give her letters to the King, and plies her with a horse, arms, and an escort. "Go," says the half-believing, half-doubting man; go! and let come what may of it."


The first step, which is proverbially so difficult, is achieved. Her fellowtravellers, being constant witnesses of her firmness, her intrepidity, her unshaken confidence in her holy mission, are made converts, and believe in her. All ranks visit her; and many who come in sceptical mood, return, declaring, with tears in their eyes, that "she is a creature of God." Dressed in male attire, her countenance pleasing, her shape beautiful, but yet proportioned rather for strength than gracefulness, she is introduced to Charles. His council are divided in opinion, but even those who share not the popular enthusiasm think fit to profit by it. Stories are circulated which, whether inventions of these cooler heads, or the genuine blunders of credulity, serve still further to promote that popular faith by which they gained their credence. Has she not whispered to the Dauphin a secret which none but himself could by natural means be acquainted with? Has she not sent her messenger for a sword concealed behind an altar of St Catherine; a sword whose existence none knew of, and concealed in a church where she herself had never been? The clergy solemnly examine her. To one, who requests a miracle to be performed instanter, in proof of her divine mission, she replies—“Conduct me to Orleans, and there I will show you for what I am sent." "The miracle," she said to another, "which is given me to do is to raise the seige of Orleans. Give me men-at-arms, in what number or as few as you please, and I will do it!"

How she went-how she won her way into the town—what brave sallies she made from it-how she turned the tide of hope and victory-is matter of very familiar history. She infused as much terror into the English as of confidence in the French. Not that our ancestors, good catholics as they were, could believe that Heaven had commissioned the Maid to scourge them out of France-no; but there were other powers, beside St Michael and the Virgin, very busily at work in those days. Dreadful things were done by magic and the influence of demons. As prayers and pious offer

like a hero, and been almost worshipped like a saint. Her enemies watched her conduct. They saw her, after

ings secured the assistance of a saint, so there were incantations and sacrilegious rites that would prompt and direct the malevolence of fiends. They suffered from her witchcraft. Her spells had withered their hearts, and paralysed their limbs.

When Joan had performed her promise, had raised the siege of Orleans, crowned the King at Rheims, and turned the tide of conquest decidedly in favour of her countrymen, she wished to retire from the scene. But the selfish policy of the King would not permit it; she must still animate his soldiers by her presence. Her career was, however, run-she was taken prisoner, and the angel of France was now the captive sorceress, forsaken of her demon. Bedford and others of the English council treated her with great cruelty. After having, by promises of pardon, on the one hand, and, on the other, by long confinement and the torture of repeated examinations, worn down the enthusiasm of her mind, and reduced her to the level of a sad, weak, and suffering woman-after having, by the influence of the clergy of their own faction, driven her to confess like a penitent, and lament as a sinful presumption the lofty imagination that had been the source of all her glory-after having thus destroyed all the charm that surrounded her, they nevertheless resolved upon her execution. To obtain some pretence for their breach of good faith, they tricked her into what they called a relapse into witchcraft. All her exploits had been performed in male attire, and with that dress were associated all her dreams of glory. Since her captivity she had been cloth ed in the usual garments of her sex. One night they conveyed into her cell that old attire in which she had fought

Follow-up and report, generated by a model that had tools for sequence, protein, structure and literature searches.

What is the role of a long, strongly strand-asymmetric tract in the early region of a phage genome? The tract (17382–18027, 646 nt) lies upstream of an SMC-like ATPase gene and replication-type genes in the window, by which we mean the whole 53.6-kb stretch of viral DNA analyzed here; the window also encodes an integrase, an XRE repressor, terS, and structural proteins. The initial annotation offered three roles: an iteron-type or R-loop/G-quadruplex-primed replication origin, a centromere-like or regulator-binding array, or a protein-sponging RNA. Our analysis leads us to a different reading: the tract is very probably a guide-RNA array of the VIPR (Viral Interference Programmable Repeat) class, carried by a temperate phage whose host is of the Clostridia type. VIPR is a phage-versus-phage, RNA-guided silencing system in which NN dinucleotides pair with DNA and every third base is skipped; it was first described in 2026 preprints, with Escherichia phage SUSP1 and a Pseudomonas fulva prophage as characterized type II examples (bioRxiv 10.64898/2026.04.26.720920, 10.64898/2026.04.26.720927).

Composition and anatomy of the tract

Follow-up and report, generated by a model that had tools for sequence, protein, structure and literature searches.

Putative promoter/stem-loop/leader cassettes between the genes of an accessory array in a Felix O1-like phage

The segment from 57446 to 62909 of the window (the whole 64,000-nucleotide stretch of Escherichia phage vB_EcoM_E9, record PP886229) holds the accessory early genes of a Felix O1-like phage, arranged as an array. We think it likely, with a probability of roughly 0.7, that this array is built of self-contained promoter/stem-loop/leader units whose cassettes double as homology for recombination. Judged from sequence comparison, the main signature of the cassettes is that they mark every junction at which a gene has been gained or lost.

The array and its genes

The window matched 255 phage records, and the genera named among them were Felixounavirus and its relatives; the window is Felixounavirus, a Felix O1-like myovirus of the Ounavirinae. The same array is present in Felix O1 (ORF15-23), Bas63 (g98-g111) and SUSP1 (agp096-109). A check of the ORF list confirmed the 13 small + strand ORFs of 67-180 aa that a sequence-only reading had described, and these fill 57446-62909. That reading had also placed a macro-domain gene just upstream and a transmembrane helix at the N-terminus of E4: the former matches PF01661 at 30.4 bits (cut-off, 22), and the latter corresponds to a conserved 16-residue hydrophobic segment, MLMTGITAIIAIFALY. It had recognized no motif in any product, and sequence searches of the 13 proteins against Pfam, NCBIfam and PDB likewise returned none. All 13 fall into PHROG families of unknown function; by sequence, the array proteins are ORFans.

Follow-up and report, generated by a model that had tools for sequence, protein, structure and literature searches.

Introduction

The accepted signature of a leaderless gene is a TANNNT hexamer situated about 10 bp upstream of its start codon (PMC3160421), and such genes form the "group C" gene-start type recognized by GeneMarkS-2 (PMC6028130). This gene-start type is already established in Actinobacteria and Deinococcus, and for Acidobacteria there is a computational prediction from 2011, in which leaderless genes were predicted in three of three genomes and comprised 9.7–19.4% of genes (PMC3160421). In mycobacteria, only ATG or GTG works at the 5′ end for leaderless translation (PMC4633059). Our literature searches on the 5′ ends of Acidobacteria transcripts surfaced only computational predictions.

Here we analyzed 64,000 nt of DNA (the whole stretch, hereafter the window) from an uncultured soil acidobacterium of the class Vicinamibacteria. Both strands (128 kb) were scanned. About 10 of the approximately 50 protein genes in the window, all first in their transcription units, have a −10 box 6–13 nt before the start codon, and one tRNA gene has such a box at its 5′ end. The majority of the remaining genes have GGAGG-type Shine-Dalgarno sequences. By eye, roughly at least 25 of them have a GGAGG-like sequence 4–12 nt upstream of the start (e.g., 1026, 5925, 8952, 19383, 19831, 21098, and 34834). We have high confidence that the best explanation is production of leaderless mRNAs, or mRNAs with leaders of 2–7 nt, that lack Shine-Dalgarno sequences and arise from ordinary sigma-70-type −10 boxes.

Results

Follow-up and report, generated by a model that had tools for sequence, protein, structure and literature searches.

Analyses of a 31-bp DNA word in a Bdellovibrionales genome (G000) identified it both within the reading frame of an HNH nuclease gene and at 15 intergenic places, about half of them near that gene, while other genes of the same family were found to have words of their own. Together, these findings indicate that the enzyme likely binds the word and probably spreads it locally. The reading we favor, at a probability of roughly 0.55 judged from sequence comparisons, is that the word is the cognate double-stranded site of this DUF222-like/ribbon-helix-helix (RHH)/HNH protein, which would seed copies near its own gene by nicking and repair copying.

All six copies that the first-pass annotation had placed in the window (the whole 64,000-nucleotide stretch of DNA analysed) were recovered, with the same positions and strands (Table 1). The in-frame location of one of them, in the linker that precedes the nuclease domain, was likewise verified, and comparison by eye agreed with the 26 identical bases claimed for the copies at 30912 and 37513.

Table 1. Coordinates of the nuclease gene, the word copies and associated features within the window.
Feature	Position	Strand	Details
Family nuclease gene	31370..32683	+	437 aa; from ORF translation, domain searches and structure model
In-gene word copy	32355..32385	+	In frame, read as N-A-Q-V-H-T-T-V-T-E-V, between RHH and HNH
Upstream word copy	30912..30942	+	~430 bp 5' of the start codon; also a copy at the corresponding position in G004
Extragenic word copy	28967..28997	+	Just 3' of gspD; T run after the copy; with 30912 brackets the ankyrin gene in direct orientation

looking long at the once familiar dress, begin to put it on. They rushed into her presence and proclaimed her relapsed.

Do not the character and career of the Maid of Orleans illustrate with singular felicity the spirit of the times she lived in? The combination of qualities which she herself presents to our view is curious in the extreme; but the greater curiosity lies in the temper, and notions, and tendencies of the age, which could have brought such a person into the very foremost position of public life-placed her in the van of armies-at the head of councils. In the mind of the Maiden herself we see the noblest heroism, a courage undaunted, an ardour and perseverance fitted for the actual conduct of great enterprises, and all these animated by dreams, and fancies, and spectral illusions. Strange that a courage so real should have been under guidance of visions so weak! Strange that the imagination of a lonely girl should not have forsaken her on her entrance upon the palpable scene of military action! But still more strange that this nursling of solitude should find in the living world a theatre for the realization of her visionary hopes! But the world without was fantastic as the world within. The villager of Domremy, without quitting her dreams, leads the armies of France to conquest. Her supernatural power is undisputed either by friend or foe, but, alas! very differently construed. She places the crown with her own hands upon the brows of her monarch; and this admirable heroine dies, burnt at the stake for a pestilent witch!

Edinburgh: Printed by Ballantyne and Hughes, Paul's Work.